Flash Fiction: Racing Smarts (686 words)

The boys set their course, heads together underneath the kitchen table.

“Out the back door,” Zain whispered, pointing through the tablecloth toward the cleanest exit from the kitchen – ‘cleanest’ being the way that could actually be reached on a straight line as long as they jumped over the water barrel and slipped under the bottom pantry shelf. “Out the back gate, around the stables, up the hill, across the creek and around back to the front door…”

“If we get mud in the hall, my mother’s gonna make us scrub it up again,” Terius said.

“Then keep your feet dry when you cross the creek,” Zain said and rolled his eyes, as if that had already been said when he added the water as an obstacle. “We come back around to the front door, take the stairs all the way up to the west tower, then all the way back down here to the kitchen. First one to touch the table wins.” He clapped his hand against the underside of the table, touching it before Terius could, just to make sure that Terius wouldn’t reach his hand up and call a legality to skip the race. Not that Terius would. That was the kind of scheme that he’d only ever thought of after he saw it fall out of Zain’s sleeve.

“Alright,” Terius said.

“Ready?” Zain asked.

Annia, one of the kitchen hands heard the word and backed away from the table. She waved at the rest of the staff hurriedly and they rocked back on their feet, clearing the way to the door.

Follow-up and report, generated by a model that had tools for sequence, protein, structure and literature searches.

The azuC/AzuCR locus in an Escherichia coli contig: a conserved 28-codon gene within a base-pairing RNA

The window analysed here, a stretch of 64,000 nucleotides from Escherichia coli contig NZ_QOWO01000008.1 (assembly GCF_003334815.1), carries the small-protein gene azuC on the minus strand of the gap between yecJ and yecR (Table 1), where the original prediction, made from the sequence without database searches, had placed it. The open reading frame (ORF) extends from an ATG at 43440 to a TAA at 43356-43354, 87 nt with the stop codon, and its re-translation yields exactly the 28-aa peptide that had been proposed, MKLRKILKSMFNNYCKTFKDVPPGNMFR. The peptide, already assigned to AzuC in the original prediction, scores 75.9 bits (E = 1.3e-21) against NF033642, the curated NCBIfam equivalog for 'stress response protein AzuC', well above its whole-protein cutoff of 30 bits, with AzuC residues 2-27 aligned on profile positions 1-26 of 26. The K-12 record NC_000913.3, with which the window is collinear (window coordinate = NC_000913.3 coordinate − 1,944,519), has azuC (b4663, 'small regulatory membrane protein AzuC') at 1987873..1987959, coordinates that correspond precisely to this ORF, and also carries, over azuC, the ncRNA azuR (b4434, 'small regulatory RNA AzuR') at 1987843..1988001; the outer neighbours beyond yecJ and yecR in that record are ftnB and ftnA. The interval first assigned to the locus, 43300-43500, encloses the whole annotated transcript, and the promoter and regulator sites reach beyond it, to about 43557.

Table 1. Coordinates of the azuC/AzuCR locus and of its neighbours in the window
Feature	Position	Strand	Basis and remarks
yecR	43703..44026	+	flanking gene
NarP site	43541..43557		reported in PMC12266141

“Ready,” Terius returned. Zain’s head was already racing out before Terius finished and they broke through the kitchen and out the door. Cook looked at Annia and laughed as they heard the boys skid in the yard outside, yelling hard at each other while they raced.

“Will they be back?” Cook asked her.

“Quarter hour,” Annia told her with a shrug, not sure how good her time estimate would be.

“Alright,” Cook called to the dozen men and women ranged around the tables and stoves. “Somebody set a look-out for them coming back. I got broths on that have been cooking for days, and a dinner tonight that’s not to be wrecked, understood?”

“Any more than it already is?” one of the men asked, and promptly scooted out the door before the heavy wooden spoon in Cook’s hand whipped toward him.

A quarter of an hour and they heard the boys clatter on the stairs, all hollers and heavy feet. The staff scooted back to safe edges again and Annia stepped away from the table just in time to watch them run into the room. Terius came first, one long stride ahead of his cousin. Then he hesitated, shortened one stride and Zain zipped in around him, diving for the table. His hand locked on the edge a full second before Terius’, and everyone heard the two distinct thumps against the wood. Zain let out a whoop and grinned.

Terius took a deep breath. “Rematch,” he said.

“You’re not gonna beat me,” Zain said. “You never do.”

“I want a rematch,” Terius said. There was just enough of a challenge in the tone that Zain whooped again and set his foot for another start.

“Same course,” Zain said. “Go!”

And the staff skittered back a little more hurriedly than before, almost caught in the mad slide for the door.

Annia stared after them, her hands stilled on her work for a moment.

“You get trampled or something?” Cook asked, coming up behind her.

“No,” Annia said hurriedly. She looked down at the vegetables on her cutting board. “But… did Terius just let Zain win?”

Cook held a finger to her lips and winked. “Every time.”

“Why?” Annia asked, turning to follow Cook as she walked behind her.

Cook shrugged. “He’s a smart boy? He knows how to get what he wants.”

“I don’t understand,” Annia said.

She shrugged again. “Easiest way to get another race. He says he likes the running and the company, better than the winning at the end.”


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